The likelihood of conflict and the observation of joint democracy tend to cluster regionally. This article tests the argument that these clusters can be explained by regional variations in the stability of international borders using a new dataset of territorial dispute hot spots from 1960–1998. These hot spots identify spatial and temporal correlations in the territorial dispute data and therefore serve as close proxies for regional or neighbourhood instability. The addition of these hot spots also eliminates a common form of omitted variable bias – the spatial clustering of conflict – in international conflict models. These results confirm that joint democracy is only statistically significant as a predictor of fatal militarized interstate disputes in more peaceful neighbourhoods once territorial hot spots are jointly estimated. The interaction between joint democracy and regional instability confirms that the effects of regime type on continued conflict apply mostly to dyads in peaceful regions.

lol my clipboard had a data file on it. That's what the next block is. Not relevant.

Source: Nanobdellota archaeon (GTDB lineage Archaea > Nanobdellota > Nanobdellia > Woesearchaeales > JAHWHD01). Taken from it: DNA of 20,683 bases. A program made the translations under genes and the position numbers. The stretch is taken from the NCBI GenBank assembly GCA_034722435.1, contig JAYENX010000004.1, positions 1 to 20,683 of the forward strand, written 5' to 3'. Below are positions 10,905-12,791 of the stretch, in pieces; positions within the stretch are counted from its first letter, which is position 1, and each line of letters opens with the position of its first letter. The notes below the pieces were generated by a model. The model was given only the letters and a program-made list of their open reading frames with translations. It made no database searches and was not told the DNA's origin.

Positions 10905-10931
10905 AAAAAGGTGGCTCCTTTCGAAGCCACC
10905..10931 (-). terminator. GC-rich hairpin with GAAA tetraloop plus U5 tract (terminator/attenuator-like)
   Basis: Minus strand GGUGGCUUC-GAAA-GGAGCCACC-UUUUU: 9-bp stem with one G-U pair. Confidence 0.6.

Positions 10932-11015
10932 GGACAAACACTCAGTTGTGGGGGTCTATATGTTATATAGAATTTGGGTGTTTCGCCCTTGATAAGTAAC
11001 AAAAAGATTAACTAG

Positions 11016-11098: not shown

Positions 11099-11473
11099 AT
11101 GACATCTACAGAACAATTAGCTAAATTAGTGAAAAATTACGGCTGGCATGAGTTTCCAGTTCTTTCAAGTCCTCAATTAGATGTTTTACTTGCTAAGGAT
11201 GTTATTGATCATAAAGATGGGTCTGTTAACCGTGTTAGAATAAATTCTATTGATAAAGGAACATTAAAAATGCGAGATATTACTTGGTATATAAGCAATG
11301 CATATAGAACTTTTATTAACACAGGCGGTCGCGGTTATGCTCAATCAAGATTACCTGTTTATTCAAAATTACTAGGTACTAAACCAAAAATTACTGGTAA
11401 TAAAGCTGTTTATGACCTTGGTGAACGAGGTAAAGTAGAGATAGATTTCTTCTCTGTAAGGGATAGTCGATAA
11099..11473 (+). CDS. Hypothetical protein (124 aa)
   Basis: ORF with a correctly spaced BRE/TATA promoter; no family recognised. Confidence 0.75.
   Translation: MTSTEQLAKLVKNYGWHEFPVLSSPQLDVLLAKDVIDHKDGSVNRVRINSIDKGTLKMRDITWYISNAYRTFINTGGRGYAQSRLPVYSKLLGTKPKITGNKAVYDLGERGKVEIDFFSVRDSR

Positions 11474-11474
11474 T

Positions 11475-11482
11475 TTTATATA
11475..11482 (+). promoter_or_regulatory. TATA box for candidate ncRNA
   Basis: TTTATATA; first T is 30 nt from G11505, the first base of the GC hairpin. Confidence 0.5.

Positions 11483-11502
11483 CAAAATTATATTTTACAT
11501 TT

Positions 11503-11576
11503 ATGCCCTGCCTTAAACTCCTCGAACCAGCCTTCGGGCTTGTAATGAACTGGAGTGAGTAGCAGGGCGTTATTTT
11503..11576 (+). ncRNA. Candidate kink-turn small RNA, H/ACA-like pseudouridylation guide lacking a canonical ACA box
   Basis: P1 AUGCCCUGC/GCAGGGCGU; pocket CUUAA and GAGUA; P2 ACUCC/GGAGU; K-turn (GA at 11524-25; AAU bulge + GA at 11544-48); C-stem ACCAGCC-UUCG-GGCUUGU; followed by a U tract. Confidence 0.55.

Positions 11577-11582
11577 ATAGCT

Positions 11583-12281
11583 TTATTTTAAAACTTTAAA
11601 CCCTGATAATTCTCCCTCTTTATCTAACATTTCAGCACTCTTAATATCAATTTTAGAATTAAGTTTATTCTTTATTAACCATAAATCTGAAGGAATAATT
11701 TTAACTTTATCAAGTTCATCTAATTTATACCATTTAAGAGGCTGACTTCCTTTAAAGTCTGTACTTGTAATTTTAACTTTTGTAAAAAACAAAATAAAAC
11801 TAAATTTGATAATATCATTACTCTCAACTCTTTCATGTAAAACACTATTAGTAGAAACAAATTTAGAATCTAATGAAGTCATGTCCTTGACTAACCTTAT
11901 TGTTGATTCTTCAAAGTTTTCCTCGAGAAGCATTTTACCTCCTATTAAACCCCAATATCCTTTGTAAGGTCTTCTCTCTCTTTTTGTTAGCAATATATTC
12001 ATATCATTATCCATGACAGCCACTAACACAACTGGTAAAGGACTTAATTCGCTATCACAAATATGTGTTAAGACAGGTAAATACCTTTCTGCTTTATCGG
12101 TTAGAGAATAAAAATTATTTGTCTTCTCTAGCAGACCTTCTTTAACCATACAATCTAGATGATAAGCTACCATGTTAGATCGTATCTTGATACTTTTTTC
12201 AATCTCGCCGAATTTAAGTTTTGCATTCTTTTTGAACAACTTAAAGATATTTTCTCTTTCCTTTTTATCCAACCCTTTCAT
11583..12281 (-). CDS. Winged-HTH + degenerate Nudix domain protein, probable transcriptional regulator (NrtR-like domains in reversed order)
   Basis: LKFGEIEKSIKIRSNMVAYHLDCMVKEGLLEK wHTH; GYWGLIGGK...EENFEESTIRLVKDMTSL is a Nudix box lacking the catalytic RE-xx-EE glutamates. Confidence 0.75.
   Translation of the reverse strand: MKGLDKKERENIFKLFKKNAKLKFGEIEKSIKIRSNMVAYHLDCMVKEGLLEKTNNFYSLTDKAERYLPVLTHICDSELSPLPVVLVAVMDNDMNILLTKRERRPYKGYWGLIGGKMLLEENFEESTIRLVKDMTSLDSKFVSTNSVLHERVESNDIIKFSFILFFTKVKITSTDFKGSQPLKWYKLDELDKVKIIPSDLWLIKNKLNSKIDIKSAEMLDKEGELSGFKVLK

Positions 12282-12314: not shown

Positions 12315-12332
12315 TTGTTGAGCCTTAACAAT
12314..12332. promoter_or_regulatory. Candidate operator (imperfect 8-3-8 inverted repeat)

(Online publication October 31 2012)
* Douglas Gibler is Professor of Political Science and Arts and Sciences Leadership Board Fellow, Department of Political Science, University of Alabama, Tuscaloosa (email: [email protected]); Alex Braithwaite is Senior Lecturer, Department of Political Science, University College, London (email: [email protected]). We are grateful to Kristian Gleditsch and to three anonymous reviewers for their very helpful comments, which improved this article greatly. Gibler also thanks the HF Guggenheim Foundation for their generous research support of the Bordering on Peace project during the completion of part of this manuscript. Replication data are available at http://dx.doi.org/doi:10.1017/S000712341200052X.